Multiline raw literals would follow the same indentation removal rules as before.

That about covers it unless there is something I’ve missed. There is a Xcode toolchain with an implementation available here

I’m now firmly of the opinion that #raw(“a literal”) is about is good as we’re going to get. With any raw literal there is absolutely no way to escape the delimiter, so all single character delimiters (whichever quote you use) are simply not useful in the general case. This excludes r”a string”, \”a string”, “\qa string”, 'a string' from contention. You get many more options if you move to #raw(“a string”) which has, at a minimum, a closing delimiter of “) and you can now extend that using custom delimiter sequences.

To give the core team something to go on, Id like to call a straw poll on this new version of the proposal. Please respond what you would like the outcome to be:

+1: Accepted with revisions - New version of the proposal looks good.
-1: Reject - I don’t see the need for the feature

Apologies for the slightly chaotic progression of the review but I really feel we have explored the space quite thoroughly now and been able to put in front of the Core Team enough information for them to make a decision.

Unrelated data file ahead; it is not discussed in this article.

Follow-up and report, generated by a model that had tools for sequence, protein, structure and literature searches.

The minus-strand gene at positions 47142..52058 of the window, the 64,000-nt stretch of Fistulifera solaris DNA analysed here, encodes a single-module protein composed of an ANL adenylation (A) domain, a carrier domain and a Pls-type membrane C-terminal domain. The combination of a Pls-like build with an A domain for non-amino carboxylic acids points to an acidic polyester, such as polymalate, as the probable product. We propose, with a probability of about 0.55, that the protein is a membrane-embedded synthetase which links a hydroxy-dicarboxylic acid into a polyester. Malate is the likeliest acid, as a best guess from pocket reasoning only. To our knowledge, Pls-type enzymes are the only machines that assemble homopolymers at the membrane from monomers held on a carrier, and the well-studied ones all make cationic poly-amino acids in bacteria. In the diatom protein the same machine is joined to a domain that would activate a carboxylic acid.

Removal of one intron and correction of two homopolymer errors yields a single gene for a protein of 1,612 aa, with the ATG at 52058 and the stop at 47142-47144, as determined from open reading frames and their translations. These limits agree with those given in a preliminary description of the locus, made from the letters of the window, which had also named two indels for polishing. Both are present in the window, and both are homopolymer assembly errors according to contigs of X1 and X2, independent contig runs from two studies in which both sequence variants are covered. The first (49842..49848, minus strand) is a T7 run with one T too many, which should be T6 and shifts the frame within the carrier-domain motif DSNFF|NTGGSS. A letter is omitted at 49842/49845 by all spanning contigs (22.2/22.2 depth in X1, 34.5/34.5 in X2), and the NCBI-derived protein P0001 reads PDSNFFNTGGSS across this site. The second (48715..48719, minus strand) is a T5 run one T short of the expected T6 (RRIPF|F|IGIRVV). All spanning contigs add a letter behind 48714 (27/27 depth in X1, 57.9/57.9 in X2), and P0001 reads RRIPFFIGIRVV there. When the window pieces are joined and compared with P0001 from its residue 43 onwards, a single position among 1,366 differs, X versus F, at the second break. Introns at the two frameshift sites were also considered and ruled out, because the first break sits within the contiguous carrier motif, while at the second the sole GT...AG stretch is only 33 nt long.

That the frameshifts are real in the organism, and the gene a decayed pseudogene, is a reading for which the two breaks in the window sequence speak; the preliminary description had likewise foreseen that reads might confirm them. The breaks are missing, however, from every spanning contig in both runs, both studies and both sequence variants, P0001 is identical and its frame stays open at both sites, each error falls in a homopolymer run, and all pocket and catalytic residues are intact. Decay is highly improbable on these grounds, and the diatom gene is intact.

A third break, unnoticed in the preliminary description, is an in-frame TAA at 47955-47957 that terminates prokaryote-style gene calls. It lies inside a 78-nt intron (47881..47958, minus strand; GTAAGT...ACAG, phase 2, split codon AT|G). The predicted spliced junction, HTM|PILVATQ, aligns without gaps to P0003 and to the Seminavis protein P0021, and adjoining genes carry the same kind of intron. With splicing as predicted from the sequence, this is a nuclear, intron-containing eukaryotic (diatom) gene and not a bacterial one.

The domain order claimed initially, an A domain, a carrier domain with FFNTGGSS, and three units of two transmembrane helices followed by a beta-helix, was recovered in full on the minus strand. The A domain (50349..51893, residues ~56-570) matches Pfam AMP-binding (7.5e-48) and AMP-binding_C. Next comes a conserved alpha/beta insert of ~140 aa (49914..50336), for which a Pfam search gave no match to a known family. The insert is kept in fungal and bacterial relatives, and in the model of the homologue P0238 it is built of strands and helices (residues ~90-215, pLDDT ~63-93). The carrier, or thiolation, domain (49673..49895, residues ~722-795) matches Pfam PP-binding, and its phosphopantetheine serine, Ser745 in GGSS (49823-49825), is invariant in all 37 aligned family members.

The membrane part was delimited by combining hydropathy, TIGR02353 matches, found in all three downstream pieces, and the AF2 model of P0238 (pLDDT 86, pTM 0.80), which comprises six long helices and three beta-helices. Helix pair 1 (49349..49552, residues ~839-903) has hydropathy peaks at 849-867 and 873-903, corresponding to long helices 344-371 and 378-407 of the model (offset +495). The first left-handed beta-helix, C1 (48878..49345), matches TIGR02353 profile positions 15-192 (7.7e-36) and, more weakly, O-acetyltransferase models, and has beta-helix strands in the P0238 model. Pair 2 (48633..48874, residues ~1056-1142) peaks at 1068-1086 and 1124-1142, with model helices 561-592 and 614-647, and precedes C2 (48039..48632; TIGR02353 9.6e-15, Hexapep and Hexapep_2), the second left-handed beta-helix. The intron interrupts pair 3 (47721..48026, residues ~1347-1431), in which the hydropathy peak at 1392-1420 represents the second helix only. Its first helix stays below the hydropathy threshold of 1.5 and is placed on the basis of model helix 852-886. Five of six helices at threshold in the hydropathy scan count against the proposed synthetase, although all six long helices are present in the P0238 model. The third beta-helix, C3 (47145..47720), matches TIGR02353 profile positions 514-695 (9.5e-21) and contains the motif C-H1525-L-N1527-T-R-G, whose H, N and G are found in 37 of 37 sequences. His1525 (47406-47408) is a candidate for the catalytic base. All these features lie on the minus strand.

(Tino) #137

It’s not the most lightweight choice, but all compact solutions (like single quotes) would fail for strings that contain that specific character, so I think some verbosity can’t be avoided. Additionally, it would be straightforward to introduce variations with different rules.
In isolation, it seems like the best solution, and I guess we’ll have to accept the uncertainty of how a yet to be defined regex-literal will interfere with this.

Could you update the example so that it illustrates the explanation?

#raw({[?</"how will this be closed?

(John Holdsworth) #138

I think that would be #raw({[?</“a string”}]?>/) in the current implementation which isn’t ideal.
Difficult to see an alternative if you want good emoji support.

(Martin Waitz) #139

Well I don‘t think emojis are the most important use case for string delimiters. But even when someone wants to use these, we just have to teach the compiler to treat the emoji as a single character and not reverse the unicode scalars.

(John Holdsworth) #140

I’m saying the characters of the delimiter should not be reversed. I’d rather see:

#raw(DELIM”a string”DELIM)


#raw(DELIM”a string”MILED)

This also allows emojis to work which are notoriously difficult to segment…